My last two articles introduced ideas to help schools consider how well they prepare students for rapidly changing and unpredictable futures. I explored the need to shift the pedagogical status quo by thinking about how we teach students in light of what their futures might hold. By way of example, I questioned the wisdom of spending so many hours perfecting children’s handwriting now that it bears so little relevance to lifestyles in many parts of the world. And I suggested that great schools have done their futures planning and are now making the shift from ‘learning about’ to ‘learning how and to’, and I asserted that ‘skill-free lessons are not lessons for the future at all’.
I’m often asked what an inspector looks for when visiting a lesson. Of course, regarding students’ skills, this should be similar to when school leaders evaluate lessons. We remember visiting lessons which ‘wowed’ us with the vibrancy, apparent spontaneity and total absorption of students in their learning. I can still picture such lessons going back over decades and they all had one thing in common – ‘the learning space’. This isn’t a physical space, but rather the cognitive space a lesson opens up so that students can develop skills themselves. This is when they develop, apply and consolidate the wide range of core, learning and thinking skills, are creative and innovative, and learn by trial and error. Some teachers feel that they lose control when making this space for students. Indeed, it does mean losing lock-step, textbook-driven control because the teacher takes full responsibility of planning for much more than knowledge transfer. It’s about planning flexible lessons that give students the space to learn at their own pace through individual ownership and responsibility for their own learning, and the scope to learn collaboratively. These approaches celebrate ‘getting things wrong’, knowing that this leads to truly effective learning. So, how do we recognise when the ‘learning space’ is live? Let’s start by reflecting on a few questions.
- Mastery of core skills, thinking and learning skills including communication, creativity, ICT, change adeptness and self-drive, stems from regular practice across the curriculum. How effectively have we mapped these skills across the curriculum, and how well do our self-evaluation approaches, particularly lesson observations, evaluate these skills?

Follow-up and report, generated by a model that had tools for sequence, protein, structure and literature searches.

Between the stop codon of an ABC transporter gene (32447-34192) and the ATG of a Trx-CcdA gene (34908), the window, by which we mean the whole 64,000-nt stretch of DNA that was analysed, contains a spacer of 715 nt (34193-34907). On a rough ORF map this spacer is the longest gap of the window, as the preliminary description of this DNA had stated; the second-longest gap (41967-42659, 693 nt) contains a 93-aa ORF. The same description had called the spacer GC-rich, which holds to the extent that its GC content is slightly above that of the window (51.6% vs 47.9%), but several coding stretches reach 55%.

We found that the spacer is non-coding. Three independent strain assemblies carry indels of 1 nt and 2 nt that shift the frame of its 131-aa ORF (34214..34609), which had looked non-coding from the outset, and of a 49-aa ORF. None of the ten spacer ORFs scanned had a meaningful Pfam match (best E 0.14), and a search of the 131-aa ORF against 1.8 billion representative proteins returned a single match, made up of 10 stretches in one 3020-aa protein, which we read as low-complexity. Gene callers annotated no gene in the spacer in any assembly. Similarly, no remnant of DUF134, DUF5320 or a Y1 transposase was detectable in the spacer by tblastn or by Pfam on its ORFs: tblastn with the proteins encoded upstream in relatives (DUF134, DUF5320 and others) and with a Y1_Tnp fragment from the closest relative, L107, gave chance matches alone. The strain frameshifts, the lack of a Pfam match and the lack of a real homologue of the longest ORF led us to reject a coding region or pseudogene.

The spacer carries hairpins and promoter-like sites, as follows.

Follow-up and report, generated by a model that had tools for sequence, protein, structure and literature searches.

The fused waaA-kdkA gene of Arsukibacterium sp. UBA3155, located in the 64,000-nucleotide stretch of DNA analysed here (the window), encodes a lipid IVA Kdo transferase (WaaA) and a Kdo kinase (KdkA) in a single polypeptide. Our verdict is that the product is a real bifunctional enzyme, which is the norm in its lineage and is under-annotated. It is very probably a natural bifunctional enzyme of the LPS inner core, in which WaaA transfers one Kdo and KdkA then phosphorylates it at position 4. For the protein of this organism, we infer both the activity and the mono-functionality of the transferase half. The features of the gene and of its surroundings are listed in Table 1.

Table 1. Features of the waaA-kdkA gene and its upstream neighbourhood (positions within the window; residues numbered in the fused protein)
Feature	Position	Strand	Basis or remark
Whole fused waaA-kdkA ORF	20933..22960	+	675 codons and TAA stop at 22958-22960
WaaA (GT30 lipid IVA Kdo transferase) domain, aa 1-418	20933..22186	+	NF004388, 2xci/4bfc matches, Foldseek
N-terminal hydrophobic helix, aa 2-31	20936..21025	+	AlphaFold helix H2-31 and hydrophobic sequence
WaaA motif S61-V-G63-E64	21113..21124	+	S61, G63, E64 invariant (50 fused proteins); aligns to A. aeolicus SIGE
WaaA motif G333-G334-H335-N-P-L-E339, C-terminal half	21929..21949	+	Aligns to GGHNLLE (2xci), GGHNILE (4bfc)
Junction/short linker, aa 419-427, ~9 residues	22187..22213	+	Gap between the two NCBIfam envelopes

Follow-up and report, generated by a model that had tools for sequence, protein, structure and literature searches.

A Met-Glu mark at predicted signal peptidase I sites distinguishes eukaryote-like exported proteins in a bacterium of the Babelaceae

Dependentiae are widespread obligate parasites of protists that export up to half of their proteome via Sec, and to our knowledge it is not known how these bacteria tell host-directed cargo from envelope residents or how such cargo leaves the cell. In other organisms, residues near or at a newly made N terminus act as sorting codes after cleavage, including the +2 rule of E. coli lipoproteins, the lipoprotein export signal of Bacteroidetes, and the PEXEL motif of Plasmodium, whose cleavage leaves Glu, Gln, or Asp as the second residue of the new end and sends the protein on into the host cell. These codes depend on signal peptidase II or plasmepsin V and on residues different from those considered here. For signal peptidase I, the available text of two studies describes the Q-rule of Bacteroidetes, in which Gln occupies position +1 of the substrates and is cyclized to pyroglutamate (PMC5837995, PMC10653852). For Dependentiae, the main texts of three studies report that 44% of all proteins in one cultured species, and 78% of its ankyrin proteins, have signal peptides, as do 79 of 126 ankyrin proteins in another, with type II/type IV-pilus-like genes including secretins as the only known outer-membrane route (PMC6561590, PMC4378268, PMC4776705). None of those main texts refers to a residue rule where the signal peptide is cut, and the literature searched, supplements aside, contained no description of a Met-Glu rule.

- Many core, learning and thinking skills, capabilities and dispositions are naturally visible. Can we see from a teacher’s planning and assessment which ones are being promoted in the lesson and are they visible in students’ learning?
- Effective teaching requires teachers’ own mastery of these skills, including the use of effective questioning which makes students think and hypothesise, and gives them the scope to discuss with peers before responding. Can we see this effective questioning in action?
- Less effective teaching crowds the learning space and gives students little room to think and develop skills. For example, a teacher might ask students to colour-in half a pizza to show they understand fractions. In this case, the teacher has used thinking skills to devise the solution. With a subtle but significant change in mindset, the same task could require students to devise the solution for themselves, simply by inviting them to create an original way of showing they understand the concept of fractions. Students would then have to use thinking skills themselves, rather than relying on the teacher having done the thinking for them.
- All too often our assessment systems measure the things that are easily measurable rather than the things that really matter. If skills really matter, how confident are we that our assessment approaches measure students’ progress and mastery of them? But growth in skills takes time. Do our assessment approaches recognise that, or do we still expect, unnecessarily, to measure micro steps in every lesson?
By: Graham Norris